Broadcasting legend Dame Joan Bakewell was handed a fine by police after she accidentally left her car near her home with the engine running.
Officers were called out to reports of a “suspicious” vehicle and found the Labour peer’s Mini parked at an angle with the engine and lights still on but no one at the wheel.
They called Dame Joan, 86, who said she was away for the weekend and admitted this was not the first time she had accidentally left the car running because it was a keyless vehicle.
She gave the officers permission to smash a window and disable the locked car. However, not wanting to damage the vehicle, they hatched a plan to stall it using a police evidence bag.
When that failed they decided to leave the car because it was almost out of fuel and was not deemed a safety risk, Willesden magistrates court was told.
Details of the bizarre incident, in Primrose Hill on November 29 last year, were revealed in court papers obtained by the Evening Standard.
Pc James Lewis said he and a colleague, Pc Daultry, were called out at 6.45pm to the road where Dame Joan lives after “a report of a vehicle that was suspicious”.
“It was parked on the street at an angle and the engine was running with the lights left on,” he wrote in a witness statement.
They identified the veteran BBC broadcaster as the registered owner and confirmed over the phone that “the vehicle had not been stolen and she had probably left the vehicle in this position by accident.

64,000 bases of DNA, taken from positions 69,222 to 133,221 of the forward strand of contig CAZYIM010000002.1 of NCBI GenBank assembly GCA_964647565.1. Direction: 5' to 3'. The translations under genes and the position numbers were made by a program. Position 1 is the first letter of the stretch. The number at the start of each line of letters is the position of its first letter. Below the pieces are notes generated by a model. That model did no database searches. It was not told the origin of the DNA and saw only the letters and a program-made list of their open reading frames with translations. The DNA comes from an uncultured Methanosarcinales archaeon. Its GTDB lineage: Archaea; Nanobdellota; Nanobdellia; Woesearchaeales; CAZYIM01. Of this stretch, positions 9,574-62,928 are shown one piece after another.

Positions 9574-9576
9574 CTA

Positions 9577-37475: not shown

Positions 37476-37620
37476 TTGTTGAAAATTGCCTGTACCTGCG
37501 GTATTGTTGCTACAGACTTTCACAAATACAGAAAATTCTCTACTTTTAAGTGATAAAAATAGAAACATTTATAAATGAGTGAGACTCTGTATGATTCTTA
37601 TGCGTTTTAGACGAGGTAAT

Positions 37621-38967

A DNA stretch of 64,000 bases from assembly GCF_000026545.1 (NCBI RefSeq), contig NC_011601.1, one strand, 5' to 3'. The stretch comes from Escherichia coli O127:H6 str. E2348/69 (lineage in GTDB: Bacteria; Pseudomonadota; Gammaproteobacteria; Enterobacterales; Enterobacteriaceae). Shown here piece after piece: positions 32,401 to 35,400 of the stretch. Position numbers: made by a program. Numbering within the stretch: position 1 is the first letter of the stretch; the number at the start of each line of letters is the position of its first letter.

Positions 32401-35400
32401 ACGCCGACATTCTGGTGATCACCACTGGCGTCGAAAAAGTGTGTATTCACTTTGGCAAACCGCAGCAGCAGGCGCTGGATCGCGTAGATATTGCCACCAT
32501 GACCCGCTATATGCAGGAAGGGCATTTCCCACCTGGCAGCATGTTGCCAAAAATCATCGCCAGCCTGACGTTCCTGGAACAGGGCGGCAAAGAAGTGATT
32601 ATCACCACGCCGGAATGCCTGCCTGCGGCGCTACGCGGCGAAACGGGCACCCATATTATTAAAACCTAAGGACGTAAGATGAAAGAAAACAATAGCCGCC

“Bakewell told me that the vehicle is keyless and she had left the vehicle on the roadside with the engine still running before. Bakewell gave me permission to break the window in order to switch off the car if required.”
Pc Lewis said they then “made an attempt to stall the vehicle by covering the exhaust with a police evidence bag”, but added: “This did not work.” The officers left “the vehicle in the position it was found in as it was deemed safe and there was only one bar of fuel left”.
Dame Joan was told that evening she might be prosecuted, and she was given the formal police caution of her rights. Pc Lewis said he explained to her that he understood it was “an accident” but “it had a detrimental effect on the local environment and was causing annoyance/alarm to the local community”.
“Lady Bakewell was not able to return to switch off the engine as she was away for the weekend,” he added.
The Met Police brought a prosecution against Dame Joan for leaving a vehicle on a road not attended by a person licensed to drive it and with the engine running.
Her case was due to be heard in March but was delayed by the pandemic and finally dealt with at the end of May, when police withdrew the charge and admitted Dame Joan should never have been prosecuted.
“There appears to have been an admin error and the fine was paid,” the court was told. Court papers did not reveal the level of fine paid by Dame Joan.